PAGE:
No truer words have been spoken than when ecologist Frank Egler said, “Ecosystems are not only more complex than we think, they are more complex than we can think.”
“This should lead us to be cautious, and a little bit humble (former Forest Service Chief Jack Ward Thomas).”
Forests are attached to us in ways that far exceed our understanding. They not only provide us a place to connect with nature and find solace, but also play an integral role in the carbon cycle – a cycle that is fundamental to our survival and for everything around us.
But how does that affect you? Of the people you work with every day or meet as customers, visitors, or partners? They may care about forests, but they don’t depend on forests, do they? They are most interested about getting somewhere, usually in cars, or doing something with family and friends usually in their homes. What do forests and carbon have to do with them?
A quick primer on the carbon cycle. Carbon is the backbone of life on Earth. Most of it is stored in rocks; the rest can be found in the ocean, atmosphere, plants, soil, and fossil fuels. Because the Earth is a dynamic system, carbon is on the move and flows between each of these reservoirs at various rates. Wildfire, for example, releases carbon from plants and soil to the atmosphere.
Forests serve an important role in sequestering or removing carbon dioxide from the atmosphere and today, their role is even more important because of climate change.
Human activities are contributing to climate change through activities such as burning fossil fuels which release carbon dioxide and other heat trapping gasses into the atmosphere, causing an increase in global average temperatures along with increases in ocean temperatures, acidity and sea level. Carbon dioxide uptake by forests in the contiguous US offsets about 12 percent of the country’s total carbon dioxide emissions each year.
The forests of the US store carbon equal to about 168 billion metric tons of CO2, about 132 years’ worth of total emissions from autos in the US or 176 years of home electricity use. NFS lands support one – fifth of the Nation’s total forest land area and contain 26% of the total carbon stored in U.S. forests (excluding interior Alaska). These forests store the equivalent of 43 billion tons of CO2 worth about 33 years of auto emissions or 45 years of home electricity use. All of this storage is the net sequestration of existing forests and the addition through planting and natural regeneration.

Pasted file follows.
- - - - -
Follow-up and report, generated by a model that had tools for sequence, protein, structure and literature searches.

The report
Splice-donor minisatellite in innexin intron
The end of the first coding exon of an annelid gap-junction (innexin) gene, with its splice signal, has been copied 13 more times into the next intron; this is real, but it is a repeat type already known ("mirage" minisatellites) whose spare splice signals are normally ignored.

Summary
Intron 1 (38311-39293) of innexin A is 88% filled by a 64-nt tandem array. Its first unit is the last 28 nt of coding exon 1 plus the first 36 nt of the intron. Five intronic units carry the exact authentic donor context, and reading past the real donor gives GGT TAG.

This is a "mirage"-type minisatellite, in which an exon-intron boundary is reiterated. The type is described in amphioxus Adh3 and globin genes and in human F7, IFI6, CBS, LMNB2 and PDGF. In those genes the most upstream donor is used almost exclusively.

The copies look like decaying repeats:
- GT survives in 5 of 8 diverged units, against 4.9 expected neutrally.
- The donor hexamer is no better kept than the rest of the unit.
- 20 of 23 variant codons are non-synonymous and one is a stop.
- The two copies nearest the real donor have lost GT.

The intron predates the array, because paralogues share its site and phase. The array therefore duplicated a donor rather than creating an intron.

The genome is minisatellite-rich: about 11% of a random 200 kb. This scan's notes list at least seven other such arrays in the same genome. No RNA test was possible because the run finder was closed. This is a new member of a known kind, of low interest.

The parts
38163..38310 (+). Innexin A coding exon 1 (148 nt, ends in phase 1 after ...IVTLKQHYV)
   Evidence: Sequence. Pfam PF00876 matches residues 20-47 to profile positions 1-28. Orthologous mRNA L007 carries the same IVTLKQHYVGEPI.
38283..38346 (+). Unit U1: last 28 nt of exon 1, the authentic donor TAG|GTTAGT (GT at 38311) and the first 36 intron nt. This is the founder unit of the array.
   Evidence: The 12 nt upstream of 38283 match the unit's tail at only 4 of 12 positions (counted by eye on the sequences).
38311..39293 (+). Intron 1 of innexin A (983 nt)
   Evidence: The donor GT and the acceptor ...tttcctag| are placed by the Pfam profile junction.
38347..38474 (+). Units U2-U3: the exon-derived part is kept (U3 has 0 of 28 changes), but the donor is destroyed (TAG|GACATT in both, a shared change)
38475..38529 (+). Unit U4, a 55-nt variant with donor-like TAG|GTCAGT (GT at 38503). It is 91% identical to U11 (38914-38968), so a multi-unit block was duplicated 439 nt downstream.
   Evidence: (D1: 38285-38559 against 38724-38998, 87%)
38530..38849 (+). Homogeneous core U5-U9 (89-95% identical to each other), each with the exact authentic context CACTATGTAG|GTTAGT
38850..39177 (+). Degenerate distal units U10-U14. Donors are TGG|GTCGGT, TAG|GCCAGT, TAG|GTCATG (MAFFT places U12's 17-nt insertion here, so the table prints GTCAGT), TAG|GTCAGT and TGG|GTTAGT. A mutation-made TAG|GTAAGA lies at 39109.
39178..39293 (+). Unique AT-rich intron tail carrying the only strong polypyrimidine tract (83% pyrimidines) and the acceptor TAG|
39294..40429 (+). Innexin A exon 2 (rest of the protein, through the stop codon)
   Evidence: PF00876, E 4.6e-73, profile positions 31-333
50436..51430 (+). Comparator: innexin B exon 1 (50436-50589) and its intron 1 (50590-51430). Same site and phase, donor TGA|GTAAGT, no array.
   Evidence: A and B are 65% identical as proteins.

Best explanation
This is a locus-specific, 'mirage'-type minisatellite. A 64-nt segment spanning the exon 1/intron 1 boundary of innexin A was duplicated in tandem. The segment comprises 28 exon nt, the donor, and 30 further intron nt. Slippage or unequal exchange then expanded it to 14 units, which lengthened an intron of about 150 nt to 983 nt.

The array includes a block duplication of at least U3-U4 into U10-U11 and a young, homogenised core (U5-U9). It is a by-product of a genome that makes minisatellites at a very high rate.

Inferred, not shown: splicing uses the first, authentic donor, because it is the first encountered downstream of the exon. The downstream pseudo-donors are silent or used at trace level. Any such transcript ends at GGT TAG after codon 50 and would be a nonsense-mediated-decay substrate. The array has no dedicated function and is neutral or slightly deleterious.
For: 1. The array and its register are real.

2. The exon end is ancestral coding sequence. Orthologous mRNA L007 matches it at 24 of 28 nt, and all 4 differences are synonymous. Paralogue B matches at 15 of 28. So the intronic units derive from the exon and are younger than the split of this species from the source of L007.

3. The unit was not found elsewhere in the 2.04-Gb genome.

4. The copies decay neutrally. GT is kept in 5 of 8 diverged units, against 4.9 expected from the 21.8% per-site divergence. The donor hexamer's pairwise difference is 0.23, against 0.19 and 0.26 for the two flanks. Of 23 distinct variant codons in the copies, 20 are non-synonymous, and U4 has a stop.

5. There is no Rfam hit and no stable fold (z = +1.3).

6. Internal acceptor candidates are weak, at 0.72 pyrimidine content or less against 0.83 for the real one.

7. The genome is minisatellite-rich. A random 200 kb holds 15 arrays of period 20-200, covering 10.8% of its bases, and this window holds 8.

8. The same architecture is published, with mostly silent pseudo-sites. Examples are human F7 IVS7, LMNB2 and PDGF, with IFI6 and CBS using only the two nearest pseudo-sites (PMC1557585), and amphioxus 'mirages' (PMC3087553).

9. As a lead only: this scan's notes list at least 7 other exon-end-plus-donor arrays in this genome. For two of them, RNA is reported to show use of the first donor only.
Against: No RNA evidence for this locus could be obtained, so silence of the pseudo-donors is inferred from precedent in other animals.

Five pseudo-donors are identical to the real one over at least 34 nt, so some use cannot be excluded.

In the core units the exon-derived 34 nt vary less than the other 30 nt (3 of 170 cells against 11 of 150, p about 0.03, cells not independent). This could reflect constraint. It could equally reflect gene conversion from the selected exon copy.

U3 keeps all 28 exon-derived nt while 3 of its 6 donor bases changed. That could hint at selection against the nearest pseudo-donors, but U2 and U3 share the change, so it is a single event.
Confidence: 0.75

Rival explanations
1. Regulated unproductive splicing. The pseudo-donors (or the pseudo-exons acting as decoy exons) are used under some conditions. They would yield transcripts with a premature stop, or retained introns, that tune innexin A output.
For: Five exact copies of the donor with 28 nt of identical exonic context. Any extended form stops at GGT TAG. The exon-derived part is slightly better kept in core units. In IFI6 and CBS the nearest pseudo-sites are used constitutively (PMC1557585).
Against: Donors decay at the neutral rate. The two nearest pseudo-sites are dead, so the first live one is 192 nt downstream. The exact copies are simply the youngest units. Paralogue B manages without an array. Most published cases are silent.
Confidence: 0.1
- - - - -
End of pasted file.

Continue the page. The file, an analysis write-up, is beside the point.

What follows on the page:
To break this down even further, on a per acre basis, NFS lands contain approximately 78 metric tons of carbon. This is equal to annual emissions of 60 passenger vehicles OR electricity use of 43 homes. There is about a half an acre of National forest for every one of the 314 million people in the US, about 1.4 acres – a football field and a half – for every one of the 114 million households in the US.
NFS forest lands sequester about 147 million metric tons of carbon dioxide per year. This amount removed from the atmosphere is equivalent to 31 million passenger vehicles (about 12% of all vehicles) OR electricity use of 22 million homes (about 15% of the total). The total forest area of the US sequesters enough new CO2 to account for 71 million homes (50%) or 99 million vehicles (about 37 % of the total). Quite a saving!
Forests are the solution to absorbing carbon dioxide from the atmosphere and regulating temperatures. We must take an active role in keeping, planting, and respecting forests for all they provide for us such as carbon, wood, flood control, wildlife habitat, and all the rest. Even those of us who mainly think about cars and houses and all that goes on with them should not forget about forests. Approximately, 50.5 acres of NFS lands are required to offset the yearly emissions of one American household.
Forests keep working for us, capturing carbon and providing a lot of other services, even after we have taken the key from the ignition and turned off the lights at home. At the Forest Service, we take a balanced approach to sustainably managing for these benefits. Forest ecosystems are more complex than we think – let’s not forget that. And take care of them so they can keep on taking care of us.
This "Message from Dave" was originally published in the USDA's newsletter, "Engaging a Climate Ready Agency," which can be found here.